"For me, I don't think people realize it's not personal," Reese said of her infamous trash-talking proclivity. "Once we get out between those lines, if I see you walking down the street, it's like, 'Hey, girl, what's up? Let's hang out.'

"I think people just take it like we hate each other. Me and Caitlin don't hate each other. I want everybody to understand that. It's just a super competitive game."

Both coaches understand the focus will be on the superstars. They're also both aware neither team would have advanced this far if the superstars were the only women making plays.

Reese averages 18.7 points and 13.2 rebounds per game and will be among the WNBA's top draft picks if she elects to go pro after the season. But she's just one of five Tigers averaging double-figure scoring, and guard Aneesah Morrow is barely shy of joining her in double-figure rebounding at 9.9 per game.

"They're just an excellent basketball team," Iowa coach Lisa Bluder said. "I mean, it's going to take a complete game by us, but they're pretty balanced. You've got five people averaging in double figures. That's really hard to guard when you have that kind of balance.

"They have experience, great experience at all their spots. There's just not a lot weaknesses there."

Clark's exploits are legendary. She leads the Hawkeyes in scoring (31.7), rebounds (7.3), assists (8.9) and steals (1.8). She broke Pete Maravich's all-time NCAA scoring record, and she's third all-time among women in career assists.

But the Hawkeyes have two other players — forward Hannah Steulke (14) and guard Kate Martin (12.8) scoring in double figures — and they shoot 38.2% from 3-point range as a team.

"You'd better guard the three ball," LSU coach Kim Mulkey said. "They play their roles extremely well. They have such a connection with Clark that when you think you have the three ball covered or the denial, they'll backdoor you.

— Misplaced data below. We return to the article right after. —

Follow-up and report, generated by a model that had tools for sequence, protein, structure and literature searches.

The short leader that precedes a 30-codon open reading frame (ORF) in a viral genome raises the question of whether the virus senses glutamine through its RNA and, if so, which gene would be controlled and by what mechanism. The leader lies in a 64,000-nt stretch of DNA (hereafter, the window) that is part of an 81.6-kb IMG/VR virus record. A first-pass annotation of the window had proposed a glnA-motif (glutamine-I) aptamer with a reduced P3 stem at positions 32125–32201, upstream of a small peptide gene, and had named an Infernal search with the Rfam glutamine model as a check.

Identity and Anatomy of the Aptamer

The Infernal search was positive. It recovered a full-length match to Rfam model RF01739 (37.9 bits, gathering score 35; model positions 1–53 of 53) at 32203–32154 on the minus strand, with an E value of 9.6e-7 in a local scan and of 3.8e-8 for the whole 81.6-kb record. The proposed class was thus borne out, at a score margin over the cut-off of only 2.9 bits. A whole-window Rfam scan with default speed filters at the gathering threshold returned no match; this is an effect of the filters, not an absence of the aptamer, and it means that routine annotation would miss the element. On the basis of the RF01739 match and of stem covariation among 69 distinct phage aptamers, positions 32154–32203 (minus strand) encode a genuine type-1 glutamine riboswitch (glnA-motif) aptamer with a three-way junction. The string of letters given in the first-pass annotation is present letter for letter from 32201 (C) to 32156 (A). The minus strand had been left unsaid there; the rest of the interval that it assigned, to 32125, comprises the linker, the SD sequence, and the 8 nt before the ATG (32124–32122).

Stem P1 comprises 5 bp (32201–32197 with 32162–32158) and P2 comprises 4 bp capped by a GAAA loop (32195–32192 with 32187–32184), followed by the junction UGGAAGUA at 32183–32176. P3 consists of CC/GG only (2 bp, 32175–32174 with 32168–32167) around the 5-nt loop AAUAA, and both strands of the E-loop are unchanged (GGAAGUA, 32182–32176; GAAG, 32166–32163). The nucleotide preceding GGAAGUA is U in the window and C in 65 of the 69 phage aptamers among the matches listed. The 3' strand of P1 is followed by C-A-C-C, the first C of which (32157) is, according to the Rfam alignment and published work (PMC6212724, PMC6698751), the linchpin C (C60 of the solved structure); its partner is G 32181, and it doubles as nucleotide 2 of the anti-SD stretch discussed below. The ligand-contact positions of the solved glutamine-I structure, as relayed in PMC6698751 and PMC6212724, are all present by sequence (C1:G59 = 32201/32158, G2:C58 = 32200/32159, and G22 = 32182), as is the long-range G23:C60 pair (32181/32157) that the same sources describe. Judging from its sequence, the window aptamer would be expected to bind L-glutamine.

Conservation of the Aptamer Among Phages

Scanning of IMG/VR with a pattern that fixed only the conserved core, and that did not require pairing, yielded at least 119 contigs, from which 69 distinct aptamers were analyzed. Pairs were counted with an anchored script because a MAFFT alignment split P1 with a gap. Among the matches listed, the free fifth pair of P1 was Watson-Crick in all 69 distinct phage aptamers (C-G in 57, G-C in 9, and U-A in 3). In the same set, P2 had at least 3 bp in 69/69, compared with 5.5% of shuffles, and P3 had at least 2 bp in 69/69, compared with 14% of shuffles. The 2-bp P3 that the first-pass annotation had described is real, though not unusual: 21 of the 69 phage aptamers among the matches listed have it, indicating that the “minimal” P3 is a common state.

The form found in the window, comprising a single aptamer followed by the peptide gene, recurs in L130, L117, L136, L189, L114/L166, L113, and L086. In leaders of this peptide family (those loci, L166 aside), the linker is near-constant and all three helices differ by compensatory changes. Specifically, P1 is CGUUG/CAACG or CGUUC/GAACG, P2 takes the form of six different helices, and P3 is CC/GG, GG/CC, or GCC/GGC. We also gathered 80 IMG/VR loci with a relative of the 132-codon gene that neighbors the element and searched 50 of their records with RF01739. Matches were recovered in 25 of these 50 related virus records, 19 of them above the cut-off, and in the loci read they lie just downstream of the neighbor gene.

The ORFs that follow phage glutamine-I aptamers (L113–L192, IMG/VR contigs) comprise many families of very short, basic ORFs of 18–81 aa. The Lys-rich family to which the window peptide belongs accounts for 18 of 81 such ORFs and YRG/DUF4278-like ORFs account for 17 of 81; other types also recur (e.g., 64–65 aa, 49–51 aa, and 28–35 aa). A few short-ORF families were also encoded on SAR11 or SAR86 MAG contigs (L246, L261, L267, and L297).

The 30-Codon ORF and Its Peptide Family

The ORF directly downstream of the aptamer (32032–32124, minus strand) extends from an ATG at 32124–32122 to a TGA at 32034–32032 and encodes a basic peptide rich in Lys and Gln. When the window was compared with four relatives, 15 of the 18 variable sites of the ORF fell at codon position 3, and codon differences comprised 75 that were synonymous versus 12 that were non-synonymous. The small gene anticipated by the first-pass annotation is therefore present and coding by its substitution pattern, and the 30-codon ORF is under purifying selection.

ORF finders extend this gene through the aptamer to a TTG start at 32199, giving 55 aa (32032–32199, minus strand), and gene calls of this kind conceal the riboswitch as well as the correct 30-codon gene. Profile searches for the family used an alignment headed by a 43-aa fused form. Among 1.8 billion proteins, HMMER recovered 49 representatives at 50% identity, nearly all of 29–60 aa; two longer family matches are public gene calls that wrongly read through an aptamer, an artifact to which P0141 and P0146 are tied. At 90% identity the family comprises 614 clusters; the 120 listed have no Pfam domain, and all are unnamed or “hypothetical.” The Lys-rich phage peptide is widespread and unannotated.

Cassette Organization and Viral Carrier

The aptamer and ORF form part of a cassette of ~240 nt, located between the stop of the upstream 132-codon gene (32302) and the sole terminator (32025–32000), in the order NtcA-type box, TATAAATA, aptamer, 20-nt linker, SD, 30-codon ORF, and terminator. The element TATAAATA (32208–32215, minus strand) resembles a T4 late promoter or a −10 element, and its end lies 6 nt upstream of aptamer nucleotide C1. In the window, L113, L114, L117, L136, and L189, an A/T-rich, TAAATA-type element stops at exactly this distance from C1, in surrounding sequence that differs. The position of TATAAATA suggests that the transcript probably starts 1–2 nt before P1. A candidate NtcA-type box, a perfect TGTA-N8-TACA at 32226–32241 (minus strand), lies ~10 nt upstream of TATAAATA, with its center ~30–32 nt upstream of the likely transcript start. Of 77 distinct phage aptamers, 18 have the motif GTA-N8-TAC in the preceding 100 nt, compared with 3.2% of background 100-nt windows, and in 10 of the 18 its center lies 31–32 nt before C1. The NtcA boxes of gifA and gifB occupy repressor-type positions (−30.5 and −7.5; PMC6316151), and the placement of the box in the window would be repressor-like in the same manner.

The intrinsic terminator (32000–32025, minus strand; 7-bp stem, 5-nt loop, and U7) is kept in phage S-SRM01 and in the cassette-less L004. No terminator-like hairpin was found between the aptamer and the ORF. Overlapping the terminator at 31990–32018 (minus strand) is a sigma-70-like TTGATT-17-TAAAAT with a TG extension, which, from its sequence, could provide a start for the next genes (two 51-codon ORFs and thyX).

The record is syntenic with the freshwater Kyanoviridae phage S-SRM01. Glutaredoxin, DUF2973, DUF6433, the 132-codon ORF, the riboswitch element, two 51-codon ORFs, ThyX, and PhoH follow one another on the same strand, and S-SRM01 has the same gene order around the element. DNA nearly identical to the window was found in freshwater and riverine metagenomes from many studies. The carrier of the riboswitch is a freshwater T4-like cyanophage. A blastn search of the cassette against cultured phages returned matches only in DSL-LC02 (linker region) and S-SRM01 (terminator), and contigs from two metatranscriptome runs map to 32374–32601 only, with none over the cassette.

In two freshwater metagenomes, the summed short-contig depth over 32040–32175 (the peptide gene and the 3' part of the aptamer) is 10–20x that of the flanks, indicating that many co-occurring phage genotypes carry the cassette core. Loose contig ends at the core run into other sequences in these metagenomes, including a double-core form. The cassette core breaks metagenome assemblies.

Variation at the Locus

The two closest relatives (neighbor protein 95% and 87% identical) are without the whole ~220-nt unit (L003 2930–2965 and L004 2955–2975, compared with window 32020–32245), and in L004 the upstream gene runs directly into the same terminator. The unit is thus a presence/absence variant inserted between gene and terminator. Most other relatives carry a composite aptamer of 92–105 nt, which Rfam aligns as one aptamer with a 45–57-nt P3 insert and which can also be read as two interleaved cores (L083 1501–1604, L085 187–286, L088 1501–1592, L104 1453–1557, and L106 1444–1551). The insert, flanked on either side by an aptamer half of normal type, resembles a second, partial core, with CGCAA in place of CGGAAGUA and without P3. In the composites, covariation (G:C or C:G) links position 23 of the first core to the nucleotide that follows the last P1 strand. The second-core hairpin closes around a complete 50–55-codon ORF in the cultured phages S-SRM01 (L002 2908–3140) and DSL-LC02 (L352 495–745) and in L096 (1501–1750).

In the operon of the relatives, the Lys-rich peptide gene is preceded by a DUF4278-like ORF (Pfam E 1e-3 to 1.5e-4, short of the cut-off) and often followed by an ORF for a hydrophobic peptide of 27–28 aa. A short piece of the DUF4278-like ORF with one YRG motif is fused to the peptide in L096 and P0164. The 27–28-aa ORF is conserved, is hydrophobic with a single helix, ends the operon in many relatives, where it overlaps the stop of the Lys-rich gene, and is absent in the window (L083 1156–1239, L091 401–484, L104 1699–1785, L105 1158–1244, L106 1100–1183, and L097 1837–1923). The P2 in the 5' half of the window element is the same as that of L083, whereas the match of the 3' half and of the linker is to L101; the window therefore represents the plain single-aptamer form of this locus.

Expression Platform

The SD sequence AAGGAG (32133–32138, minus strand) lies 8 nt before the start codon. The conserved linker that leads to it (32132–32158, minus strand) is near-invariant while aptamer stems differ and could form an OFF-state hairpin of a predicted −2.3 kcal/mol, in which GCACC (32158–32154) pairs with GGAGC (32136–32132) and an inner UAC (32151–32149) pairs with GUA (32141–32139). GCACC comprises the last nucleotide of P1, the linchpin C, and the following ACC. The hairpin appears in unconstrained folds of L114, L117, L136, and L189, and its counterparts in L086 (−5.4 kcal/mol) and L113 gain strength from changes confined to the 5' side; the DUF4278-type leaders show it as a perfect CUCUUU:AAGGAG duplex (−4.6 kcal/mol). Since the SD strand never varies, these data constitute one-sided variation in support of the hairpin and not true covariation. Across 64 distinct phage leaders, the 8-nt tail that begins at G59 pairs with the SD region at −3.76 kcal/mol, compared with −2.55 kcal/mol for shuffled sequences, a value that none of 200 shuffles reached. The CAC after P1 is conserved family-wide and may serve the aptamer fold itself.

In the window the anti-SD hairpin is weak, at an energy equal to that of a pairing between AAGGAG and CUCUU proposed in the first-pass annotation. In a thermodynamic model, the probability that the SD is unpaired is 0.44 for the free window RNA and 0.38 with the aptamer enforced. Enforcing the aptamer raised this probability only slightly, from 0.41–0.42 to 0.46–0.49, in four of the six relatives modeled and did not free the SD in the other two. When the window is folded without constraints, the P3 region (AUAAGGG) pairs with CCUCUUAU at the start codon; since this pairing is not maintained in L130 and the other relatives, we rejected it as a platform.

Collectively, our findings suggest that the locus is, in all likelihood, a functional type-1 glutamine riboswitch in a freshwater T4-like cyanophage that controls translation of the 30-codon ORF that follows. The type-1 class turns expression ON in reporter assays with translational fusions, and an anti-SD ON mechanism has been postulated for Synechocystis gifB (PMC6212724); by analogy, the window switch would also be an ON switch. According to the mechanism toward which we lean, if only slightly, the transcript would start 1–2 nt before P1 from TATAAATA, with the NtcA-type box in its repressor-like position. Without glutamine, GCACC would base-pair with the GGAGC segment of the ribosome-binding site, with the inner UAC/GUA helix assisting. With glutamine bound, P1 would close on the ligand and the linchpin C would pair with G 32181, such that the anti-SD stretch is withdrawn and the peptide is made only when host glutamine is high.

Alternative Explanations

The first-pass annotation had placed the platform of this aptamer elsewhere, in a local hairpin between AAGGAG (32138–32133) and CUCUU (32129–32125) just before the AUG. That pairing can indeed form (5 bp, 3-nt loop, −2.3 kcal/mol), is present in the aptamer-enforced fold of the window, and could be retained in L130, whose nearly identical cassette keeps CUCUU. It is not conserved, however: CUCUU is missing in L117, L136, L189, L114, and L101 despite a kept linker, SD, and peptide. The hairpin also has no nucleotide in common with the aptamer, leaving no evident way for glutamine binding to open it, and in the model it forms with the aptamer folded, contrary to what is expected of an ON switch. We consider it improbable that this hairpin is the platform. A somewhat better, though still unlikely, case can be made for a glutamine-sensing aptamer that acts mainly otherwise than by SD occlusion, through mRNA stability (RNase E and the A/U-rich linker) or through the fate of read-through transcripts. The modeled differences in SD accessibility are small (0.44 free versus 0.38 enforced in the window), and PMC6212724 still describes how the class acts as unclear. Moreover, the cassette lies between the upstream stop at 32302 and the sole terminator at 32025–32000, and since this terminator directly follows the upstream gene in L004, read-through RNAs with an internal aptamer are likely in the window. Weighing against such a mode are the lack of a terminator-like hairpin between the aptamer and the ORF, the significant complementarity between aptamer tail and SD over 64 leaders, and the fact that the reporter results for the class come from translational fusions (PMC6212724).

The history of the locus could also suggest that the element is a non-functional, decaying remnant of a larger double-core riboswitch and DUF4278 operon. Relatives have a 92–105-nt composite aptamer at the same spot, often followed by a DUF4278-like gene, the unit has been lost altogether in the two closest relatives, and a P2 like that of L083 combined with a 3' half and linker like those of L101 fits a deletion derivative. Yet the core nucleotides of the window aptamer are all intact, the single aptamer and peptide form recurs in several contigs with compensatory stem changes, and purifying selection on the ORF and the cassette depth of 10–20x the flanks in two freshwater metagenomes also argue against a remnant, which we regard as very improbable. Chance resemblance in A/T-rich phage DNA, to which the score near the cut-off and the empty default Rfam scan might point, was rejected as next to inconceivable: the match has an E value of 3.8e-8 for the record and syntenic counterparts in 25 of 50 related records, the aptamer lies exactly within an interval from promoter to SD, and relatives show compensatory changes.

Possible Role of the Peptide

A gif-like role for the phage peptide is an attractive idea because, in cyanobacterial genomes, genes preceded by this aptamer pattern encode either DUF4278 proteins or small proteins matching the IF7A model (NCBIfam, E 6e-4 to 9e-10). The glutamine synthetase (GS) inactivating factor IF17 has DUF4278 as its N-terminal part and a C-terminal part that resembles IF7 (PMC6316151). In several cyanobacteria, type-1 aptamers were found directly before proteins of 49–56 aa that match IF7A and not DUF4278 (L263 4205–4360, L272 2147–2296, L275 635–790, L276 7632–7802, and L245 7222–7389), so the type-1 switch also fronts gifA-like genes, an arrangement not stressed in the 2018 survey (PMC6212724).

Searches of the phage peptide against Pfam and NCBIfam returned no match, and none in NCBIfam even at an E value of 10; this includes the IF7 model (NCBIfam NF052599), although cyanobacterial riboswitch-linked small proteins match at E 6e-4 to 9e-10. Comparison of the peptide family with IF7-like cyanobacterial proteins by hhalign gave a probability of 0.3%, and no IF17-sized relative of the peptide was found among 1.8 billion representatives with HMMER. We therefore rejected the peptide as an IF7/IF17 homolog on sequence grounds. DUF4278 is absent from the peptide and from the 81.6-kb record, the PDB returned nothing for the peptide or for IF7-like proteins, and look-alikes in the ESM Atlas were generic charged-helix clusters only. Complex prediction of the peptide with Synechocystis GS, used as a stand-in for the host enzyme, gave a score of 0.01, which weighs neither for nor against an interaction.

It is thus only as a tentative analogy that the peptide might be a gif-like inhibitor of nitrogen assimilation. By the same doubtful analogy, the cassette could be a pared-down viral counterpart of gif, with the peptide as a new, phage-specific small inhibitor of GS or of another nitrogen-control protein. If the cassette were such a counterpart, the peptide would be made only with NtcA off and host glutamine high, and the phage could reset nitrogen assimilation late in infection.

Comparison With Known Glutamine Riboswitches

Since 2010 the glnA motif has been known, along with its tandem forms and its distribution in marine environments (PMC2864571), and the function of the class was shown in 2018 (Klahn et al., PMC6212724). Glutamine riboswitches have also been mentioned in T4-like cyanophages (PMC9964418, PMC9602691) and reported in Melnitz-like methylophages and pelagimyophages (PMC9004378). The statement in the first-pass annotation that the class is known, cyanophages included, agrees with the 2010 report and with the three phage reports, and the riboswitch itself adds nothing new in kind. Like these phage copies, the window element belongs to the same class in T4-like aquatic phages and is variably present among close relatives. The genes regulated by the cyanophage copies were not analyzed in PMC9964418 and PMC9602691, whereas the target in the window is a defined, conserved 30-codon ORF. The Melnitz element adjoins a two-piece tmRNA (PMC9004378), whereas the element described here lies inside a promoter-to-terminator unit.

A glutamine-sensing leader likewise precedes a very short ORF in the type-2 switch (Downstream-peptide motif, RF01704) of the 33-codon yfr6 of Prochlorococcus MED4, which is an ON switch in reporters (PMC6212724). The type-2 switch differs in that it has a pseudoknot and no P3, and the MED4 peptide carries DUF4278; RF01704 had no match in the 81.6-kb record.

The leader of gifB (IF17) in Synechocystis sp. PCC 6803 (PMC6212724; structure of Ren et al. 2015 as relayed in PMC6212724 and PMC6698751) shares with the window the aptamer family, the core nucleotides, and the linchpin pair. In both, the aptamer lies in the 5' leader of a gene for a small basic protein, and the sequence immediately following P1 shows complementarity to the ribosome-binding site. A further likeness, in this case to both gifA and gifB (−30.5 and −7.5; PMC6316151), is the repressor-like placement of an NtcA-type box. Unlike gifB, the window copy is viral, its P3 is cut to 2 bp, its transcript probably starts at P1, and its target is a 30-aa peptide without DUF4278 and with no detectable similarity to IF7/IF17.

"They're going to run. When you look at Iowa, you may not think they get a lot of transition baskets, but they do. Yes, they're a three-ball shooting team, but they do other things. They're good. They're just good. We're going to have to play extremely, extremely well."

Monday is another day that could be huge for the continuing growth of the sport.

Following the LSU-Iowa game — set to tip off at 7 p.m. on ESPN — Southern California and Connecticut will play for the last Final Four berth in Portland, Oregon. That game also features a pair of transcendent stars in USC's JuJu Watkins and UConn's Paige Bueckers.

It's the kind of showcase that has become commonplace for Clark and her teammates. But she is glad to see the attention expanding.

"I think women's basketball fans know how special and cool this moment will be," Clark said. "I think the viewership numbers will show that. I think the worst part of it is two teams are getting sent home. All of them can't keep playing, but that's what makes this competitive environment so fun.

"Everybody is fighting to be able to play one more game, come back to practice with one another. I think, more than anything, it's just great for our game. I'm lucky to be a part of it."